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Red Hugh

by Dojoh


"My Lord?"

Sir John Perrot, Lord Deputy of Ireland, looked up from his desk.

"We've got him."

Sir John Perrot dismissed his adjutant with a nod. He was still puzzling over his situation, and his continued favour with Queen Elizabeth relied on the pacification of Ireland.

Rebellion had broken out in Her Majesty's Irish territories, and England needed the land to secure their status as a great power. Being surrounded by a hostile Ireland, hostile Scotland, and an eternally hostile continent would not be acceptable. Unfortunately, the various barbarian chiefs who fancied themselves princes continued to resist English dominance. Sour relations with their Scottish neighbors, combined with England's natural enmity with Spain and France meant that they would have no allies in their struggle for control.

Still, the Irish rulers did not pose a critical threat. Their combined might may be a problem, but individually, they would be most easy to subdue.

The most pristine example of that would be the teenaged Hugh Roe O'Donnell. In theory, the would-be Prince of Donegal would be the prime threat. Unlike his bearded allies, O'Donnell was clean-shaven, handsome and youthful. He possessed a quick wit and hardened physical stamina that would be invaluable as a soldier.

The only problem for the Irish was that O'Donnell was a newly acquired captive of the proud Englishman. The warrior prince was no more, he was now a hapless teenager. Even better, the young Hugh may yet be beneficial towards Elizabeth's designs. Cooperation from the most prominent of the Irish leaders would shorten the conflict and save much bloodshed.

Sadly, teenagers had a reputation for stubbornness, and his queen would not forgive him for failure.

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Hugh Roe O'Donnell, eternally prideful and brave soldier, kept his stare forward as he was led into the dungeon. Ever since he was taken, Hugh had staunchly refused to utter a single word. For the most part, the English refrained from asking him questions or doing anything that would have necessitated a verbal response.

His captors didn't even deign to inform him where he had been taken. Much of his journey was spent blindfolded, and it was only now that it was removed. His personal equipment was all taken away, even his Catechism, a personal gift from Friar Thomas.

Another item they felt fit to take was Hugh's boots. Perhaps they felt a lack of footwear would sabotage any escape attempt? Whatever the reason, the Irish prince had spent the last hour shoeless ( or bootless rather). Hugh had known the feel of his comfortable boots for so long, his feet were embarrassingly smooth and sensitive. His first step on the dark and damp dungeon was somewhat of a shock, and walking barefoot on the cold floor was surprisingly arduous.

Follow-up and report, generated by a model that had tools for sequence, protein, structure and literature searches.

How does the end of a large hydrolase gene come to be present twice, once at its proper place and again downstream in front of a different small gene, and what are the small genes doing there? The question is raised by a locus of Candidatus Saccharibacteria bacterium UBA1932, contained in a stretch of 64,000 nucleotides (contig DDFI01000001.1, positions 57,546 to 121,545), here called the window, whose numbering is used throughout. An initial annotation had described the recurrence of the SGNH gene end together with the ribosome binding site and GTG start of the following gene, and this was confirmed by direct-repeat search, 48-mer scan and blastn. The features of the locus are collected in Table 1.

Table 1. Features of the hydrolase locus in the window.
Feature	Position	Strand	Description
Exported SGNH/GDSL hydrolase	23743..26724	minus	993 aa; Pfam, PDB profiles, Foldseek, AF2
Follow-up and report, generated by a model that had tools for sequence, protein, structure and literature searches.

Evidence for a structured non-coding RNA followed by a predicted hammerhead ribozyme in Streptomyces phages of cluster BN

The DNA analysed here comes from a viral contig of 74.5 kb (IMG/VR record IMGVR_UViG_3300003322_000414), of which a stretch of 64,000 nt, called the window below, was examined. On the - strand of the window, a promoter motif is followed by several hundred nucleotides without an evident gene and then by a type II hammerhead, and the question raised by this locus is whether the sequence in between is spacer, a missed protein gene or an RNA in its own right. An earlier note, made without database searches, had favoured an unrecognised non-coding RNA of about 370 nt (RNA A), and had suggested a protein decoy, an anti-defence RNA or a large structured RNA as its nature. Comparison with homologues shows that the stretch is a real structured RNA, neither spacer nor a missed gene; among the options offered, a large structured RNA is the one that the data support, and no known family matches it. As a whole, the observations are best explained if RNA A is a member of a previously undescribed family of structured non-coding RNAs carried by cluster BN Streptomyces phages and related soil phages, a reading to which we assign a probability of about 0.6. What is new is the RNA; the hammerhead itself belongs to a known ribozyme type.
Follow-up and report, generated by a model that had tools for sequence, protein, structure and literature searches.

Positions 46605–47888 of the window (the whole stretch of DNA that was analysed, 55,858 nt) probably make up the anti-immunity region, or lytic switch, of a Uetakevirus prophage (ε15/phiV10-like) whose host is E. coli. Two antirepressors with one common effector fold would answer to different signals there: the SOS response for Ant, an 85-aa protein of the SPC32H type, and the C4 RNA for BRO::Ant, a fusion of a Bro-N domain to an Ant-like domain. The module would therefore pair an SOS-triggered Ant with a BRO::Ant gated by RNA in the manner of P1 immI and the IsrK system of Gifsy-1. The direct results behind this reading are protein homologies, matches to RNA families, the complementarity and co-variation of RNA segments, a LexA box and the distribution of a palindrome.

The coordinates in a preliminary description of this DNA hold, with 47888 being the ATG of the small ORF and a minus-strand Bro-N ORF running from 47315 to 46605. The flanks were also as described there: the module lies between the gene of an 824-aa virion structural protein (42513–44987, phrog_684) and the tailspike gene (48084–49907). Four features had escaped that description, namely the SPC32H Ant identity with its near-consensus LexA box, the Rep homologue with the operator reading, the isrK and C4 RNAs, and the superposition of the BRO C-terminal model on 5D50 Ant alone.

That would be nothing compared to whatever pain and humiliation they had in mind.Jeers from the English officials?A flogging in the dungeon?

They shall not know pleasure from my pain.

Whatever it was, he would take it in stride and deny them the satisfaction.


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67 Reviews


Points: 2314
Reviews: 67

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Sun Nov 17, 2013 8:34 pm
AlfonsoFernandez wrote a review...



Hello, here to review.

Wow, that was a very nice start. If this is the beginning of the story, I would like to continue reading it. If not, I would like to read it from the start. This is very good, because it captures my attention from the first moment from the first few lines. It is a very good introduction to what I'm guessing are two protagonists (or are they antagonists?) and even from now the plot starts forming.

"My Lord?"

Sir John Perrot, Lord Deputy of Ireland, looked up from his desk.

"We've got him."


This is excellent, and it ensures that we will keep reading the story, at least for a while, because we want to know who him is.

The only thing that I found intervenes with the flow of the story is this:

the Irish prince had spent the last hour shoeless ( or bootless rather).


I find that the precision in the parentheses is a bit unnecessary. I think it might be better if you simply took of the parentheses, or you could change the words, like this:

the Irish prince had spent the last hour barefoot.


I think that may help it flow a little better.

But of course, you are the writer and these are just some suggestions that you could change, it's your choice.

Congratulations on this very good start and keep writing!

-Alfonso




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Reviews: 19

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Sat Nov 16, 2013 1:39 am
Mary97 wrote a review...



Hello! Interesting piece. I find it difficult to do historical fiction, and you seem to have done it with ease. Nice job :)

I noticed a few errors, but nothing too much. Take this sentence, for example. "Their combined might may be a problem, but individually, they would be most easy to subdue." In the first part, I think adding "powers" between "combined" and "might" would help clarify the sentence.
In the sentence, "Rebellion had broken out Her Majesty's Irish territories," I would probably add "in" between "out" and "Her."

Again, nice job. A few simple edits, but nothing major. I look forward to the next chapter!



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Dojoh says...


Thanks for the tips!




I love how we all band together to break things...
— Kelpies